In vitro and in vivo pharmacological activity of minor cannabinoids isolated from Cannabis sativa
Ayat Zagzoog, Kawthar A. Mohamed, Hye Ji J. Kim, Eunhyun D. Kim, Connor S. Frank,
Tallan Black, Pramodkumar D. Jadhav, Larry A. Holbrook & Robert B. Laprairie
Scientific Reports, www.nature.com, 2020, 10, 20405, 1-13.
Doi : 10.1038/s41598-020-77175-y
The Cannabis sativa plant contains more than 120 cannabinoids. With the exceptions of Δ9-tetrahydro-cannabinol (Δ9-THC) and cannabidiol (CBD), comparatively little is known about the pharmacology of the less-abundant plant-derived (phyto) cannabinoids. The best-studied transducers of cannabinoid-dependent effects are type 1 and type 2 cannabinoid receptors (CB1R, CB2R). Partial agonism of CB1R by Δ9-THC is known to bring about the ‘high’ associated with Cannabis use, as well as the pain-, appetite-, and anxiety-modulating effects that are potentially therapeutic. CB2R activation by certain cannabinoids has been associated with anti-inflammatory activities. We assessed the activity of 8 phytocannabinoids at human CB1R, and CB2R in Chinese hamster ovary (CHO) cells stably expressing these receptors and in C57BL/6 mice in an attempt to better understand their pharmacodynamics. Specifically, Δ9-THC, Δ9-tetrahydrocannabinolic acid (Δ9- THCa), Δ9-tetrahydrocannabivarin (THCV), CBD, cannabidiolic acid (CBDa), cannabidivarin (CBDV), cannabigerol (CBG), and cannabichromene (CBC) were evaluated. Compounds were assessed for their affinity to receptors, ability to inhibit cAMP accumulation, βarrestin2 recruitment, receptor selectivity, and ligand bias in cell culture; and cataleptic, hypothermic, anti-nociceptive, hypolocomotive, and anxiolytic effects in mice. Our data reveal partial agonist activity for many phytocannabinoids tested at CB1R and/or CB2R, as well as in vivo responses often associated with activation of CB1R. These data build on the growing body of literature showing cannabinoid receptor-dependent pharmacology for these less-abundant phytocannabinoids and are critical in understanding the complex and interactive pharmacology of Cannabis-derived molecules.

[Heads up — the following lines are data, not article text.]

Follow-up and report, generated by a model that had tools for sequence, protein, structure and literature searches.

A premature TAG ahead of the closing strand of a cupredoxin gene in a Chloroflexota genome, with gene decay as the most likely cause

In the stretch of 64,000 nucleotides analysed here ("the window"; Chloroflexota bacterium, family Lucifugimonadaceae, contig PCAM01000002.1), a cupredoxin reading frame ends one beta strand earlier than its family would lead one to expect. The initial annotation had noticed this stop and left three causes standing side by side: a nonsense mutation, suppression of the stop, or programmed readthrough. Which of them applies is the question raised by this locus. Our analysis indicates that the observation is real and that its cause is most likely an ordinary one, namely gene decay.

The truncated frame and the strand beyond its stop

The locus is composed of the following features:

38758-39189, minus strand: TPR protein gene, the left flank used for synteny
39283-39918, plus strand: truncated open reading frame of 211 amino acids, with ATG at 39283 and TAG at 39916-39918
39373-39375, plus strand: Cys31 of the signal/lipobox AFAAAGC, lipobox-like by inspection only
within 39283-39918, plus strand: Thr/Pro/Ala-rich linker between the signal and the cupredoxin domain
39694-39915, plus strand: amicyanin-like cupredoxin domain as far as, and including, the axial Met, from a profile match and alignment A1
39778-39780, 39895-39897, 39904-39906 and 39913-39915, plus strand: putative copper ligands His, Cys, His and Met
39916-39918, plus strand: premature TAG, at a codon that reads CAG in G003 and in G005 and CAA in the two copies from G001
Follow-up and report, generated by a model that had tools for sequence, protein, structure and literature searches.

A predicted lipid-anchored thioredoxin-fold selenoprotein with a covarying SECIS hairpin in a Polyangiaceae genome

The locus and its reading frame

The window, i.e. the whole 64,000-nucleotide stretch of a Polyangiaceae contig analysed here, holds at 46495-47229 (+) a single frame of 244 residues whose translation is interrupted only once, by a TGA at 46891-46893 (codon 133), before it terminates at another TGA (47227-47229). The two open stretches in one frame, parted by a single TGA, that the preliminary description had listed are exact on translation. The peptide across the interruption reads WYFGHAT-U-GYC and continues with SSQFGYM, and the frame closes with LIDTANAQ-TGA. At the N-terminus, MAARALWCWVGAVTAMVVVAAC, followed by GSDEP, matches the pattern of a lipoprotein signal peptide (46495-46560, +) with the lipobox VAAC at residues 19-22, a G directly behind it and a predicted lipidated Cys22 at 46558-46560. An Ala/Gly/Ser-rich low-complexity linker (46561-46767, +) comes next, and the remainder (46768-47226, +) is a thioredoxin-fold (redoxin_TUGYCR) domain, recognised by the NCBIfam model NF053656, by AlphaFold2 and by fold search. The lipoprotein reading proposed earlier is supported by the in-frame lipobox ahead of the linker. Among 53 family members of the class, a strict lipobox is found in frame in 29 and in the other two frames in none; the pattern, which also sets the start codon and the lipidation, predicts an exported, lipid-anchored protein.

Biologically active compounds derived from the Cannabis sativa plant are referred to as ‘phytocannabinoids’. The two most-thoroughly studied phytocannabinoids are Δ9-tetrahydrocannabinol (Δ9-THC) and cannabidiol (CBD). Both of these compounds are being intensively studied for their utility in treating chronic and acute pain, epilepsy, anxiety, and modulating appetite, and their potential toxicities and side effects1. The effects of phytocannabinoids in the human body are thought to be mediated by many different receptors including the type 1 and type 2 cannabinoid receptors (CB1R and CB2R, respectively); as well as other G protein-coupled receptors (GPCRs) such as serotonin (5HT) receptors, orphan GPCRs (e.g. GPR18, GPR55, and GPR119) and ligand-gated ion channels. The pharmacology of Δ9-THC is relatively well-established: THC is a CB1R and CB2R partial agonist1–5. The pharmacology of CBD is far-less clear. CBD has been described as a CB1R negative allosteric modulator, CB2R antagonist, GPR18 agonist, GPR55 antagonist, among other effects6–16. Beyond Δ9-THC and CBD, there are thought to be at least 120 other phytocannabinoids found in Cannabis for which the